Write with the door closed. Once ideas are formed independently, rewrite with the door open to gather feedback.
When writing my article "Remove Labels", I have this question of when I should solicit feedback. Getting feedback too early can distract and diverge my thoughts, while waiting too long makes it hard to fix critical writing flaws.
Then I read this from Stephen King:
"Write with the door closed, rewrite with the door open. Your stuff starts out being just for you, in other words, but then it goes out. Once you know what the story is and get it right — as right as you can, anyway — it belongs to anyone who wants to read it. Or criticize it."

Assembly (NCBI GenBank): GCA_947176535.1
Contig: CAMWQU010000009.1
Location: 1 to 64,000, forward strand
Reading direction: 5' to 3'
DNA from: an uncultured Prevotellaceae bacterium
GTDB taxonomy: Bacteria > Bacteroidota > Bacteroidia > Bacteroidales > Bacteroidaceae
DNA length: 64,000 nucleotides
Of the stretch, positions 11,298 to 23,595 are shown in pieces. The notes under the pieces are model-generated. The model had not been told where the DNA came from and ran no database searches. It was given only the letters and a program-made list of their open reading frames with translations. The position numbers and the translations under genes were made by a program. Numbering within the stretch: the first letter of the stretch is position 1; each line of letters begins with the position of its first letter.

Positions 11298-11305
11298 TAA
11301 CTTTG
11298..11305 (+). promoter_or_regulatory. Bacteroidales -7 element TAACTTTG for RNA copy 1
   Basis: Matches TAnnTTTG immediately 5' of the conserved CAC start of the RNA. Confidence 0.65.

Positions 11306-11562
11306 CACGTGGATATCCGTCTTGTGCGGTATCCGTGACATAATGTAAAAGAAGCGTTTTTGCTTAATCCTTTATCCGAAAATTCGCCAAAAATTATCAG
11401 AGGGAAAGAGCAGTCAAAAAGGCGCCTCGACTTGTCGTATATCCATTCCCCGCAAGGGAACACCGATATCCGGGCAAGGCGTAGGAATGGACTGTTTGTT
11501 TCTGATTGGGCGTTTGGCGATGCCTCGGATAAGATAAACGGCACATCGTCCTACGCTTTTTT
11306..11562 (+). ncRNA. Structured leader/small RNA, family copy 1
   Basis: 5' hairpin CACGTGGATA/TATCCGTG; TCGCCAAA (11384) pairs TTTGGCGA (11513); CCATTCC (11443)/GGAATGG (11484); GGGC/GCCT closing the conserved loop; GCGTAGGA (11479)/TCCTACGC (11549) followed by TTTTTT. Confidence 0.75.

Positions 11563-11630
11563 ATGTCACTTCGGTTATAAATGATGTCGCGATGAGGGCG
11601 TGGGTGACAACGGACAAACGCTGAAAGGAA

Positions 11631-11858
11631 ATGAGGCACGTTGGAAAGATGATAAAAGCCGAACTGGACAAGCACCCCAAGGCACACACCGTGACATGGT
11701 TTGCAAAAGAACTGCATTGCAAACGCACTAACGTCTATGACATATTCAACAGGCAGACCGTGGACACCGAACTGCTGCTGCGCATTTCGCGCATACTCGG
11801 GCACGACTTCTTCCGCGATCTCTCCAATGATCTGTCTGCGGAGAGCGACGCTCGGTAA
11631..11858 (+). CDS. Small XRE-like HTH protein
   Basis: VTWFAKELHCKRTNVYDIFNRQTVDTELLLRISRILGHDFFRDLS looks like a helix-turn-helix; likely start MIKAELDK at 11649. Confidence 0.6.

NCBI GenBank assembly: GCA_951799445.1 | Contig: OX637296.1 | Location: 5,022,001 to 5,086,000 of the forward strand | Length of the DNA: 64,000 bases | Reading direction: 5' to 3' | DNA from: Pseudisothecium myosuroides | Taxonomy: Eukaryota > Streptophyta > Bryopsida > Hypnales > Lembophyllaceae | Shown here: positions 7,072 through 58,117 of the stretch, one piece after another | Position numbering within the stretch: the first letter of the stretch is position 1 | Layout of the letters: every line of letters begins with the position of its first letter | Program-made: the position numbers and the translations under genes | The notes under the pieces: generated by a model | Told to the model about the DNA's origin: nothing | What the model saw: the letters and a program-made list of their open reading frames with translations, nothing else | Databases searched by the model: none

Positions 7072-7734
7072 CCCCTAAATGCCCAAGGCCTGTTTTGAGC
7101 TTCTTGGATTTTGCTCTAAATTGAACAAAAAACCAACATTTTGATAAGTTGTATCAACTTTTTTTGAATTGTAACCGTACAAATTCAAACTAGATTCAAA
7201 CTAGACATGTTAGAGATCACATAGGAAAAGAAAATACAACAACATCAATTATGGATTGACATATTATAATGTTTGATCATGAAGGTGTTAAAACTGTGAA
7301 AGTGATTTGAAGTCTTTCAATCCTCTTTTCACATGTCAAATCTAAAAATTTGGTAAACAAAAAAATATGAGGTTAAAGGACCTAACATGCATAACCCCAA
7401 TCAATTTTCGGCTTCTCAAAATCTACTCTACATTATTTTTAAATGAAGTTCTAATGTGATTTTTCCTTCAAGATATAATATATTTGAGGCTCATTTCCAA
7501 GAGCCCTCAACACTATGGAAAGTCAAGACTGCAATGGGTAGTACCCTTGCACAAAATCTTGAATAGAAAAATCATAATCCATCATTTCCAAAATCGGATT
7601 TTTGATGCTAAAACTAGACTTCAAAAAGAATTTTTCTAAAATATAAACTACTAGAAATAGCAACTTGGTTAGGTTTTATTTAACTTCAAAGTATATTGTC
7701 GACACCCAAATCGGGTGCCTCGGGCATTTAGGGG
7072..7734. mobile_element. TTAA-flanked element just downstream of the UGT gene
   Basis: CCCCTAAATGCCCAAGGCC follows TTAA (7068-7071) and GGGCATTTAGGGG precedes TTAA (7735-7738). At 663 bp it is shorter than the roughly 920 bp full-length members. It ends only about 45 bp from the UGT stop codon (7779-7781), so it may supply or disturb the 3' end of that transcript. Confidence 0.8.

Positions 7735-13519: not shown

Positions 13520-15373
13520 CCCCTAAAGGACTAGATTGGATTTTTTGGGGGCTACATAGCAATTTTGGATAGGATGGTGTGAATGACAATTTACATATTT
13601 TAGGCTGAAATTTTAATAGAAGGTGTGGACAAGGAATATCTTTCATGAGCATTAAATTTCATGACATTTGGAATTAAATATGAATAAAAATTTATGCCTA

The optimal time for feedback seems to be once I've distilled my primary thesis and conclusion with a flexible outline. Such timing enables me to form ideas independently first while I can still comfortably fix critical flaws based on feedback.
"Write with the door closed, rewrite with the door open" also reminds me of Beer Mode and Coffee Mode. On any given day, coffee mode, a state of focus where we try to get things done, lets us be more productive. But over the long arc of time, beer mode, an unfocused state where we try to discover new ideas, rewards serendipity, and intellectual breakthroughs.